That is a hell of a lot different than comparing it to a rusty Pinto driven by a 20-year-old in Nebraska on a rural road, in a blizzard coming home from the bar after a double shift at a construction site. And all other cases like it.

  • avatar
    Verbal

    “In the interim, we have to decide whether semi-autonomous systems (which aren’t autonomous at all) are a help or hindrance.”

    Let’s start with lane keep assist. Someone coming the opposite direction drifts over the centerline and is coming right towards you. You steer towards the shoulder to avoid a collision. Lane keep assist intervenes and pulls you back into your lane. Boom.

    Nice legs.

    • 0 avatar
      sirwired

      If you are performing an emergency maneuver on to the shoulder, there is no LKAS system on the market that is going to yank the wheel out of your hands to put it back in the middle of the lane.

  • avatar
    Master Baiter

    Assuming his police flashers were on, a stopped cruiser in the center lane should only be visible from what, like 3 miles away?

    • 0 avatar
      Lockstops

      Not if they’re like a large proportion of the Tesla drivers I see: completely in a different world while cruising on the motorway causing a hindrance to everyone else. When you finally get past that slow-moving ghost car in the left lane (I’m in Europe where people mostly adhere to lane discipline so these Tesla ghost-drivers really stand out) it’s always the same story: the Tesla-driver is on their phone or tablet and have no idea whatsoever what is happening around them.

  • avatar
    EBFlex

    It’s a shame we won’t hear about these epic crashes involving the ClusterTruck as it will never see the light of day….but man they would be a fun read.

  • avatar
    SCE to AUX

    “…it’s probably more important to get to the heart of the crash’s many moving parts”

    Technology-wise, yes.

    But all the investigations will reveal is that drivers of SAE Level 2 systems agreed to remain vigilant, and then the vehicle crashed. Autopilot doesn’t even have to work to be compliant with the standard. The only real ‘moving part’ is the driver, which is why every lawsuit against Autopilot is a waste of time.

  • avatar
    indi500fan

    15 days until the robotaxis launch and the value of existing Tesla cars goes exponential. Combine that with the “money printing” solar roof and it’s a financial bonanza.

  • avatar
    BrentinWA

    I have Super Cruise in my Cadillac. I find it useful on the commute on clogged freeways because the car keeps me going in my lane, at the speed of traffic, and I still have to watch what is going on around me. If I don’t pay attention, the system will bring the car to a stop and apply the hazard flashers. It has sensors that can tell if I am looking at the road or not. If it tells me to retake control of the car, I have to do so or the car stops. It’s a driving aid, not a driving substitute.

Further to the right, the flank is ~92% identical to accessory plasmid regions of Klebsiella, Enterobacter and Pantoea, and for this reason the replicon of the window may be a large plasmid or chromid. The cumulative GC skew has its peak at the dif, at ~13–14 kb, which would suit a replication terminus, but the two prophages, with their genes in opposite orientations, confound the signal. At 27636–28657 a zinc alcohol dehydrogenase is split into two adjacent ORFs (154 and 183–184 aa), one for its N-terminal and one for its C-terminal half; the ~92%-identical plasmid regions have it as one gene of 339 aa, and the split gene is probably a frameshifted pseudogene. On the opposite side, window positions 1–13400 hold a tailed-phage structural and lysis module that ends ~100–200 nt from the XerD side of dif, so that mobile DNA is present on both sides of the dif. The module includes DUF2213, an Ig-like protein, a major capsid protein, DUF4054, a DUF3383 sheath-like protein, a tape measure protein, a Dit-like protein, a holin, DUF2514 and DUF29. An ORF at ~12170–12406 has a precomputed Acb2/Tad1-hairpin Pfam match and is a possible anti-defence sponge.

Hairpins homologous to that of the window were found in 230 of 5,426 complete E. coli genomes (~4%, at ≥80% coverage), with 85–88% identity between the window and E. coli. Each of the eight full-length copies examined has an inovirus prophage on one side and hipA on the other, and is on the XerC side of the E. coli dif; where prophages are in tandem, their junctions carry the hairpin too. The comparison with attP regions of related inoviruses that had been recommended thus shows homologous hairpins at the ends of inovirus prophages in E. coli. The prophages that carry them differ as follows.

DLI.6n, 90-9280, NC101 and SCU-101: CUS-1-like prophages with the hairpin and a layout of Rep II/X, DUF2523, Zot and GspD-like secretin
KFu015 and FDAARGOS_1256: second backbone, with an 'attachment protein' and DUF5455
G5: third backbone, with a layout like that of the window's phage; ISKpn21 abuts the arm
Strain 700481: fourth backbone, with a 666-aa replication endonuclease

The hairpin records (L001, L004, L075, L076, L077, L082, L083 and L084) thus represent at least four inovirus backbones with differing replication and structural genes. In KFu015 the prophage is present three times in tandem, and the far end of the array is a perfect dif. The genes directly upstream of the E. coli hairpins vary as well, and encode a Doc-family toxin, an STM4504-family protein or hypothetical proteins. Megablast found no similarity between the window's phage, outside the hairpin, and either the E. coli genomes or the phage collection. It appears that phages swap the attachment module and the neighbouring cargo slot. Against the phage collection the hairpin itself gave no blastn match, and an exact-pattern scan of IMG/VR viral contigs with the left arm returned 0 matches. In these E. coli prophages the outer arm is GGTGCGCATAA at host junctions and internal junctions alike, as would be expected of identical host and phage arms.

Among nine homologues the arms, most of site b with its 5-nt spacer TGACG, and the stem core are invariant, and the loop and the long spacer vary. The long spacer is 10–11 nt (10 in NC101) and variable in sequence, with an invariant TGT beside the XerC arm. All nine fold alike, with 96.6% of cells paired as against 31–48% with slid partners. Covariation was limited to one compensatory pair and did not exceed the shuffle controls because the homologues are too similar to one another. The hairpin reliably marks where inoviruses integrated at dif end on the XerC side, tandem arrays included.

• avatar
    conundrum

    After watching videos of Tesla drivers snoring away, an empty water bottle resting on the steering wheel spokes fooling their Model 3 Autopilot into thinking a human is grasping the wheel, I have come to a conclusion. There are potentially millions of people who have a blind faith in technology that to a sane and logical person is utter stupidity. They think it’s just a case of nudge, nudge, wink, wink that the government is making Tesla issue “safety instructions”, because Autopilot is already perfect. You could probably easily get these people to enter a giant stainless steel amphitheater with Space-X emblazoned on the side proclaiming it was the Mars shuttle. Yup, it’s all a government plot we haven’t colonized Mars yet, and here’s Musko’s proof. A giant spaceship with seats, no less. I normally couldn’t care less if people want to be dolts, but sharing the road with them having an apnea attack in their Tesla is a threat to my personal safety. Let’s send ’em all into low earth orbit on the way to the promised land of milk and honey – the Red Planet.

    • 0 avatar
      Greg Hamilton

      May I suggest watching the Twilight Zone episode “To Serve Man.” The premise is similar.

    • 0 avatar
      JimZ

      ” There are potentially millions of people who have a blind faith in technology that to a sane and logical person is utter stupidity.”

      these same people also think Bitcoin is a fantastic idea and will eventually replace “fiat” currency.

  • avatar
    mpalczew

    If self driving cars reduce accidents from 100,000 per year to 50,000 per year, you don’t get 50,000 thank you letters, you get 50,000 lawsuits. These stories are sensational but frequently leave out things like accident rates. Is someone driving a tesla more likely to crash or the autopilot?